Following a run-up in the spring and early summer, mortgage rates seem to have leveled off for the time being, according to the latest data released by Freddie Mac.
The 30-year fixed-rate average held steady at 4.4 percent with an average 0.7 point, unchanged from a week ago. It was up from 3.62 percent a year ago. Since rising to a two-year high of 4.51 percent in mid-July, the 30-year fixed rate has hovered between 4.31 percent and 4.4 percent.
The 15-year fixed-rate average nudged up to 3.44 percent with an average 0.6 point. It was up from 3.43 percent a week ago but down from 2.88 percent a year ago. The 15-year fixed rate has remained above 3 percent since early June.
Hybrid adjustable rate mortgages showed an uptick. The five-year ARM jumped to 3.23 percent with an average 0.5 point. It was up from 3.19 percent a week ago. The one-year ARM increased to 2.67 percent with an average 0.4 point. It was 2.62 percent a week ago.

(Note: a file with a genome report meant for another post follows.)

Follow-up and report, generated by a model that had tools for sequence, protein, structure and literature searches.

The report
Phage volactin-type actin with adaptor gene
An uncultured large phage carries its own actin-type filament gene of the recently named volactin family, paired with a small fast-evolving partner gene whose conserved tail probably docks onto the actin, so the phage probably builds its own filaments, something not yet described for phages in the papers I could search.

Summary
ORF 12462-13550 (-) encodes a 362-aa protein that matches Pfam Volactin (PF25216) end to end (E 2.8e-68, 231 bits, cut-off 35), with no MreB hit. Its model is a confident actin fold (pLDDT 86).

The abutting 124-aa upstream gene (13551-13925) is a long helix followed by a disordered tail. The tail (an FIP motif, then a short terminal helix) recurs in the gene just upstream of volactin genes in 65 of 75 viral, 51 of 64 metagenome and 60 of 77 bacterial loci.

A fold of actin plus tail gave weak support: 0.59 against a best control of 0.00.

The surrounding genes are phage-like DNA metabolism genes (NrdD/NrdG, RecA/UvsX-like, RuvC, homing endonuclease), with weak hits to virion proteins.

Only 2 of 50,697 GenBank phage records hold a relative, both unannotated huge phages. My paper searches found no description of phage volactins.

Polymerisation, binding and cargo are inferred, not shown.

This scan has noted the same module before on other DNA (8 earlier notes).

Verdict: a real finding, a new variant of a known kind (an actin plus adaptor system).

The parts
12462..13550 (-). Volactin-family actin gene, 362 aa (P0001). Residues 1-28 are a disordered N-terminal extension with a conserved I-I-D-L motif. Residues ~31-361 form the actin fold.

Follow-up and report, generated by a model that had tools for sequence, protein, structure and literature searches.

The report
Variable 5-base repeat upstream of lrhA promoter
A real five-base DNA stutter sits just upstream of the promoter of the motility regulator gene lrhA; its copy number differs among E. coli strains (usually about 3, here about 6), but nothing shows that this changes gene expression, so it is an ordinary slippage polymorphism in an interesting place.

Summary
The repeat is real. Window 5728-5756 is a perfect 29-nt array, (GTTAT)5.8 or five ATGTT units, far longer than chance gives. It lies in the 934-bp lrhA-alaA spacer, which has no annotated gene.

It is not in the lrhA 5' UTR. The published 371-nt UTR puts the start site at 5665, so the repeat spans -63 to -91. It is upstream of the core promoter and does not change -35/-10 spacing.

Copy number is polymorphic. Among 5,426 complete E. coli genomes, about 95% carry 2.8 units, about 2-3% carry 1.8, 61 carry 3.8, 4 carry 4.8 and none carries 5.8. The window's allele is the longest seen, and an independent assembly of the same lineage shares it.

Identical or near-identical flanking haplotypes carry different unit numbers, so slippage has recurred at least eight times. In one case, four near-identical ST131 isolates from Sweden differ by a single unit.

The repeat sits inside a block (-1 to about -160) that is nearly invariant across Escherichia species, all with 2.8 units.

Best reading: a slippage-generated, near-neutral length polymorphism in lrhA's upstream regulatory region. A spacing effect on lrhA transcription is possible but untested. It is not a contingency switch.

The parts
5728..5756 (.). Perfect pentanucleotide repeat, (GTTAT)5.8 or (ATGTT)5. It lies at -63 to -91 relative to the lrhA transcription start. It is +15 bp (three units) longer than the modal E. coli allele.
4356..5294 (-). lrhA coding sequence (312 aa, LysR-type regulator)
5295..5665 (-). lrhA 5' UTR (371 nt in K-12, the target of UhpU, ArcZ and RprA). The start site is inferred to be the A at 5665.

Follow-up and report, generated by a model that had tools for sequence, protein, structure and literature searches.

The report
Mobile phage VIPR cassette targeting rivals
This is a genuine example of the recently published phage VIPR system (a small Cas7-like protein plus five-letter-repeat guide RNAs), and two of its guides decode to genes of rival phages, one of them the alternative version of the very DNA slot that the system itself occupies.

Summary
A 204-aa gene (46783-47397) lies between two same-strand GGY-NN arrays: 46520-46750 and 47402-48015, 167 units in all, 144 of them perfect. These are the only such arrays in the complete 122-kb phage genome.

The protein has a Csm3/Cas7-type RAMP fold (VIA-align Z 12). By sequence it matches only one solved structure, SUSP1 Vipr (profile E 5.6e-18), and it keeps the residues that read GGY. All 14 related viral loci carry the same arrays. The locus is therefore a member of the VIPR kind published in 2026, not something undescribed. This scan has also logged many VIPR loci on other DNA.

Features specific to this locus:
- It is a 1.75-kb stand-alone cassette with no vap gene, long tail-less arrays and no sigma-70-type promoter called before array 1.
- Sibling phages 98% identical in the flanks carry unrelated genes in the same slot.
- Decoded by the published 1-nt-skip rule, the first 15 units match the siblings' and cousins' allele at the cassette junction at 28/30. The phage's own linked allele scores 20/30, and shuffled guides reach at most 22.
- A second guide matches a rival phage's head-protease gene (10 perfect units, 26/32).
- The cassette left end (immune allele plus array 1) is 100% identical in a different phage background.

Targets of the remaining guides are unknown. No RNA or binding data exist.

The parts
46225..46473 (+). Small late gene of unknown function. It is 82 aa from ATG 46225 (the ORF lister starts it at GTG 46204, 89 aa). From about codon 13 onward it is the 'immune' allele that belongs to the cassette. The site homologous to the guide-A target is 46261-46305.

“Fixed mortgage rates have been bouncing around over the past few weeks on market speculation that the Fed will taper some of its monetary stimulus,” Frank E. Nothaft, Freddie Mac vice president and chief economist, said in a statement. “In fact, 65 percent of economists surveyed by Bloomberg expect the Fed to reduce the amount of bond purchases at its Sept. 17-18 monetary policy committee meetings.
“Currently, mortgage rates on 30-year fixed mortgages are 1.1 percentage points above their all-time low set on November 21, 2012, which translates into $125 more per month in mortgage payments on a $200,000 loan.”
Meanwhile, mortgage applications dwindled last week, according to the latest data from the Mortgage Bankers Association.
The Market Composite Index, a measure of total loan application volume, fell 4.7 percent from the previous week. The Refinance Index dropped 4 percent, while the Purchase Index went down 5 percent.
The refinance share of mortgage activity hasn’t moved in more than a month. Since sinking to its lowest level in 27 months five weeks ago, it has leveled off at 63 percent of total applications.